Simply listing all 50 U.S. states would make for a tedious Fourth of July speech, at best. But the concept appealed to Prime Minister Justin Trudeau for his big Canada Day address on Saturday: He would name each province and territory of Canada — with gusto.
After all, there weren't that many of them. How badly could it go?
The prime minister stood before a crowd in Ottawa, waved his arm and began in rapture: “British Columbia!”
Trudeau waited a moment for the applause to stop. Then on to “Yukon!” and “The Northwest Territories!”
That was a nice touch. The sparsely populated northern territories tend to get overlooked, but Trudeau was going geographically, from west to east.
“Saskatchewan!” he said. Hmm. Technically, Alberta would come first, but —
“Manitoba!” Wait, stop.
But Trudeau continued, all the way to the eastern coast of Newfoundland and Labrador, then added: “We embrace the diversity while knowing in our hearts that we are all Canadians.”
An announcer would have to point out that he had forgotten Alberta.
Twitter has not yet stopped reminding him.
Trudeau awkwardly walked back onto the stage after finishing his speech and realizing what he'd done.
“I'm a little embarrassed. I got excited somewhere over the Rockies,” he said. “Alberta, I love you. Happy Canada Day!”
But of all his country's 13 provinces and territories, Trudeau may have forgotten the one least likely to forgive him.
Some reminded the prime minister that his father, Pierre Trudeau, had been widely loathed in Alberta in the 1980s, when he led Canada and forced federal energy policies on the oil-rich province, as the Canadian Broadcasting Corp. reported.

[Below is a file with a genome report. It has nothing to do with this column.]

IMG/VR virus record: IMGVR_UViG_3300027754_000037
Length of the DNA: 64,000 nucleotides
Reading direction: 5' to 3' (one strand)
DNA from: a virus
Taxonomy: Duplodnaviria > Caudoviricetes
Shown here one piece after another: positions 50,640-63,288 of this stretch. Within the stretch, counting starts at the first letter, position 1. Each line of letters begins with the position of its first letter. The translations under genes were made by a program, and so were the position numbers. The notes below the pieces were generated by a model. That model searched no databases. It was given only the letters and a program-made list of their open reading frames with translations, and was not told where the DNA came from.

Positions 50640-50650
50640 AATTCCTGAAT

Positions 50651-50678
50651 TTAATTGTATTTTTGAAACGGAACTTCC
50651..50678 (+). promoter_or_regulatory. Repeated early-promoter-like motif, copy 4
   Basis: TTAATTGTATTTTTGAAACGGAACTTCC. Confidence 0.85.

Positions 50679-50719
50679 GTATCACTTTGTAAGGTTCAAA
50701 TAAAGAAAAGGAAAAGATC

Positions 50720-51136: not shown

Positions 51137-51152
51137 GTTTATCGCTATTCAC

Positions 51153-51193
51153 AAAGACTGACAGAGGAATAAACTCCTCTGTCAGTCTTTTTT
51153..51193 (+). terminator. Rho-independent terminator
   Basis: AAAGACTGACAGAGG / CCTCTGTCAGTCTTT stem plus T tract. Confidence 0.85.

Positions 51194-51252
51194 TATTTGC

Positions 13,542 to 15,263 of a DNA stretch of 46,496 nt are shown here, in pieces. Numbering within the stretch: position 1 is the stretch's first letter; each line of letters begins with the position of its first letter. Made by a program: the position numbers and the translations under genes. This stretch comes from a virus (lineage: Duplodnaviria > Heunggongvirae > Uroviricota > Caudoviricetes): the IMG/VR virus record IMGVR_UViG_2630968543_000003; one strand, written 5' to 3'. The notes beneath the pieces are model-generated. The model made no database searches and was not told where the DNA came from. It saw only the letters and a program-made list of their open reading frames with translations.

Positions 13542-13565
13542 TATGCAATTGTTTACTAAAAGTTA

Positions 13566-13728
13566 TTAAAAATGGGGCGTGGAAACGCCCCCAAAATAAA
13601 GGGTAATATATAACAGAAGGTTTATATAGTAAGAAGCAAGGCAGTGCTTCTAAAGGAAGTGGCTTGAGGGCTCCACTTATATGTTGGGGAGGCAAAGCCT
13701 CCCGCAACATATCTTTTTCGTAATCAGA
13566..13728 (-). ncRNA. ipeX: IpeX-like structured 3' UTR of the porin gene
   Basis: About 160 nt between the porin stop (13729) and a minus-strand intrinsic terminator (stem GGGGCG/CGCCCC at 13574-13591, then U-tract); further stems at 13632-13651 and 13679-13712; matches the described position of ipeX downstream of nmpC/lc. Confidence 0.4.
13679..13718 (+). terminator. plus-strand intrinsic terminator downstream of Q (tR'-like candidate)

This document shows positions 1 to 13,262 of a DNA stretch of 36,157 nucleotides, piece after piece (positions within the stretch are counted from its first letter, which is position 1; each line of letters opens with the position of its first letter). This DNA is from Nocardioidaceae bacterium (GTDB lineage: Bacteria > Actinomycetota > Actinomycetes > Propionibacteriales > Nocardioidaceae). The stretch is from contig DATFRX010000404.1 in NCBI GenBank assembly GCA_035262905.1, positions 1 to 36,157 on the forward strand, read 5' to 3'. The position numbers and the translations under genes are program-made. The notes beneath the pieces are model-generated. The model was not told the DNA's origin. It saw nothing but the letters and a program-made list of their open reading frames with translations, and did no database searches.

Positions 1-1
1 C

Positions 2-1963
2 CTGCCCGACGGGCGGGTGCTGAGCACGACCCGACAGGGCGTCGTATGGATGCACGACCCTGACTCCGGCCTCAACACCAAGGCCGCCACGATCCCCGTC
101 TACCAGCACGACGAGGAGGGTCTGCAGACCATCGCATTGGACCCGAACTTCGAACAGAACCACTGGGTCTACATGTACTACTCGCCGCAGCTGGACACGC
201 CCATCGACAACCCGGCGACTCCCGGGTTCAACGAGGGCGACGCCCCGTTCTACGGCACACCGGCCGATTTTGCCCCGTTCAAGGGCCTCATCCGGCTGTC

The mayor of Calgary, Alberta, at the time coined a phrase that became a popular bumper sticker across western Canada: “Let the eastern bastards freeze in the dark.”
Decades later, Global News noted, Alberta is a stronghold of opposition to the younger Trudeau and his Liberal Party.
Witness Michelle Rempel, a Conservative member of Parliament representing Calgary, who got on Facebook soon after Saturday's speech.
“The prime minister of our country — on Canada Day! — forgot that Alberta exists,” she said. “I don't think this was an accident.”
Rempel was not alone in her suspicions.
It took no time for Albertans to remember a previous mini-scandal, long before Trudeau became prime minister, when he blamed Canada's woes on “Albertans who control our community and socio-democratic agenda.”
He said this in French, as CBC reported, and added for good measure that all the best prime ministers hailed from Quebec.
So does Trudeau. And when he began his own ascent to the country's highest office in 2012, his campaign tried to explain away that old interview.
“Justin knows that Calgary, Alberta and all of Western Canada are at the very heart of Canada's future,” reads the statement. “We need to get beyond the divisive politics of the Conservatives and include all Canadians.”
So he said, and became prime minister of all Canadians. Then, in a speech on the country's birthday, he forgot about 4 million of them.